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1842

THE ANTIQUITY OF FREEDOM

by William Cullen Bryant

THE ANTIQUITY OF FREEDOM -

Here are old treestall oaksand gnarled pines

That stream with gray-green mosses; here the ground

Was never trenched by spadeand flowers spring up

Unsownand die ungathered. It is sweet

To linger hereamong the flitting birds

And leaping squirrelswandering brooksand winds

That shake the leavesand scatteras they pass

A fragrance from the cedarsthickly set

With pale-blue berries. In these peaceful shades-

Peacefulunprunedimmeasurably old-

My thoughts go up the long dim path of years

Back to the earliest days of liberty. -

O Freedom! thou art notas poets dream

A fair young girl with light and delicate limbs

And wavy tresses gushing from the cap

With which the Roman master crowned his slave

When he took off the gyves. A bearded man

Armed to the teethart thou; one mailed hand

Grasps the broad shieldand one the sword; thybrow

Glorious in beauty though it beis scarred

With tokens of old wars; thy massive limbs

Are strong with struggling. Power at thee has launched

His boltsand with his lightnings smitten thee;

They could not quench the life thou hast from heaven;

Merciless Power has dug thy dungeon deep

And his swart armorersby a thousand fires

Have forged thy chain; yetwhile he deems thee bound

The links are shiveredand the prison-walls

Fall outward; terribly thou springest forth

As springs the flame above a burning pile

And shoutest to the nationswho return

Thy shoutingswhile the pale oppressor flies. -

Thy birthright was not given by human hands:

Thou wert twin-born with man. In pleasant fields

While yet our race was fewthou sat'st with him

To tend the quiet flock and watch the stars

And teach the reed to utter simple airs.

Thou by his sideamid the tangled wood

Didst war upon the panther and the wolf

His only foes; and thou with him didst draw

The earliest furrow on the mountain-side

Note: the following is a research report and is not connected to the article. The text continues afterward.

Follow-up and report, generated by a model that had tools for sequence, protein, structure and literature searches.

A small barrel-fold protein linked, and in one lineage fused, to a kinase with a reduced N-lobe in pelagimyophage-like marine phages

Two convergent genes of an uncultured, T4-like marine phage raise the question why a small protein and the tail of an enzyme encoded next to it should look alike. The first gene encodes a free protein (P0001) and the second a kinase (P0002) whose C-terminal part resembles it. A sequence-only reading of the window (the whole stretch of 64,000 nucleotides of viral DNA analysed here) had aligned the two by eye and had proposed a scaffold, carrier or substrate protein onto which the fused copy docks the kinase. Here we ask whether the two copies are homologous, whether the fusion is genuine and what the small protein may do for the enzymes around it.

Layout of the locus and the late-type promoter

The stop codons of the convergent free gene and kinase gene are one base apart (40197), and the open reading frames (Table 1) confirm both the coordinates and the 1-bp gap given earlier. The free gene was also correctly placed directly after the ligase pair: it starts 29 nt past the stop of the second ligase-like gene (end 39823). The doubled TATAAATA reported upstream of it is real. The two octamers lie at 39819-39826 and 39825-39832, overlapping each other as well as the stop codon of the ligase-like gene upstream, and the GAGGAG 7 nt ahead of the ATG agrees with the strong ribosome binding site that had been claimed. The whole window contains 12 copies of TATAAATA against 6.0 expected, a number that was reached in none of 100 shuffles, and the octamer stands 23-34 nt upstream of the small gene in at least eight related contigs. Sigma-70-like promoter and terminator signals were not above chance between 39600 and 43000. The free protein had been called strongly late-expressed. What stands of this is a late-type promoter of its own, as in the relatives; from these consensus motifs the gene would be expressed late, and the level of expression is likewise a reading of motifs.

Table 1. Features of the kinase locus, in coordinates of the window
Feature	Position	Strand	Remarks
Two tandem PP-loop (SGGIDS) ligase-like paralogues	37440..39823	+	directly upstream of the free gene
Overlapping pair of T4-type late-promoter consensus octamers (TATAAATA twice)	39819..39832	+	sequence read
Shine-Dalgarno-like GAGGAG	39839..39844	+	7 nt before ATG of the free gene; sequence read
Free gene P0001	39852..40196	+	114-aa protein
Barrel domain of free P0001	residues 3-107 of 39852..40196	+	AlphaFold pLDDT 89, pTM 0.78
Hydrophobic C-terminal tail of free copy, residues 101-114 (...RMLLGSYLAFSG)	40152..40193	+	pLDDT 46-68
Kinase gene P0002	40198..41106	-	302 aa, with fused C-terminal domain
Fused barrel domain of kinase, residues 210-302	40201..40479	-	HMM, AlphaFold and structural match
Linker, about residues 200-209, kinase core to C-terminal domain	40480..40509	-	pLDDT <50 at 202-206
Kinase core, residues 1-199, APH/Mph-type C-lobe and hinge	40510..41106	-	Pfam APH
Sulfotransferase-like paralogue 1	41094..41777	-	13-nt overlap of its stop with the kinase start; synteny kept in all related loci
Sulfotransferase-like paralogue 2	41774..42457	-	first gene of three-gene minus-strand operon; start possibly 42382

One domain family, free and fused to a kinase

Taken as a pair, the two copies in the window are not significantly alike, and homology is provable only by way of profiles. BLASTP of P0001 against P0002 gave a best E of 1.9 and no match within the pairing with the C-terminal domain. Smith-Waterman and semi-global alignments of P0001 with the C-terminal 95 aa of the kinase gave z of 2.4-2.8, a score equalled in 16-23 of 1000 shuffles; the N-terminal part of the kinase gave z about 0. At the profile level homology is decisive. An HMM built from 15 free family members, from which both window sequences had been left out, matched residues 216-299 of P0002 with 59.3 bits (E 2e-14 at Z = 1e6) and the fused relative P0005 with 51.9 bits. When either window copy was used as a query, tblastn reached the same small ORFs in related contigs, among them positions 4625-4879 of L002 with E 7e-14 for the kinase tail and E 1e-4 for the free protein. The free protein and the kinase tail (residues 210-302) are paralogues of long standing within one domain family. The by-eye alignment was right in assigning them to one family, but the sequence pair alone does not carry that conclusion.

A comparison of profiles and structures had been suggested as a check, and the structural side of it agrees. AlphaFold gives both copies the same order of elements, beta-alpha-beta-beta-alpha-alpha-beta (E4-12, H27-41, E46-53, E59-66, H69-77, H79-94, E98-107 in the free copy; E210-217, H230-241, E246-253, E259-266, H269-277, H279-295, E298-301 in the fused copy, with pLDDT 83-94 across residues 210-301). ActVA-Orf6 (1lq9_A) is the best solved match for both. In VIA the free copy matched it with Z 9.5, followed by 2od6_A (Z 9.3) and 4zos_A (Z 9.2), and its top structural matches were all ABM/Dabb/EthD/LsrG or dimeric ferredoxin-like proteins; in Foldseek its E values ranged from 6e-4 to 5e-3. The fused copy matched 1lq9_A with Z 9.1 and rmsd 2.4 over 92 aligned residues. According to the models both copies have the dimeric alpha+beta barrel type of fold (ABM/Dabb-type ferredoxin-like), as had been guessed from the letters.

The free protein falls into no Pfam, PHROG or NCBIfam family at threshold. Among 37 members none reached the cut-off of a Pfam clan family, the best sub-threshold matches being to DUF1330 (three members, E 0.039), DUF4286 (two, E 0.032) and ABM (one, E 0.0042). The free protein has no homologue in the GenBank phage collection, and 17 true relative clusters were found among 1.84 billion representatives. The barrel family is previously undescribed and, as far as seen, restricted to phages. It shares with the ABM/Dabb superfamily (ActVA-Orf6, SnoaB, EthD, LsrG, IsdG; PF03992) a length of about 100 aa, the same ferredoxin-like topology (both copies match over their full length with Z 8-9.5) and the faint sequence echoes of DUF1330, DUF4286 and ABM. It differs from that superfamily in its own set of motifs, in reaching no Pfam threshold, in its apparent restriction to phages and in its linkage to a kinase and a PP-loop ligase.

Soft with the deluge. Tyranny himself

Thy enemyalthough of reverend look

Hoary with many yearsand far obeyed

Is later born than thou; and as he meets

The grave defiance of thine elder eye

The usurper trembles in his fastnesses. -

Thou shalt wax stronger with the lapse of years

But he shall fade into a feebler age-

Feebleryet subtler. He shall weave his snares

And spring them on thy careless stepsand clap

His withered handsand from their ambush call

His hordes to fall upon thee. He shall send

Quaint maskerswearing fair and gallant forms

To catch thy gazeand uttering graceful words

To charm thy ear; while his sly impsby stealth

Twine round thee threads of steellight thread on thread

That grow to fetters; or bind down thy arms

With chains concealed in chaplets. Oh! not yet

Mayst thou unbrace thy corsletnor lay by

Thy sword; nor yetO Freedom! close thy lids

In slumber; for thine enemy never sleeps

And thou must watch and combat till the day

Of the new earth and heaven. But wouldst thou rest

Awhile from tumult and the frauds of men

These old and friendly solitudes invite

Thy visit. Theywhile yet the forest-trees

Were young upon the unviolated earth

And yet the moss-stains on the rock were new

Beheld thy glorious childhoodand rejoiced. -

THE END




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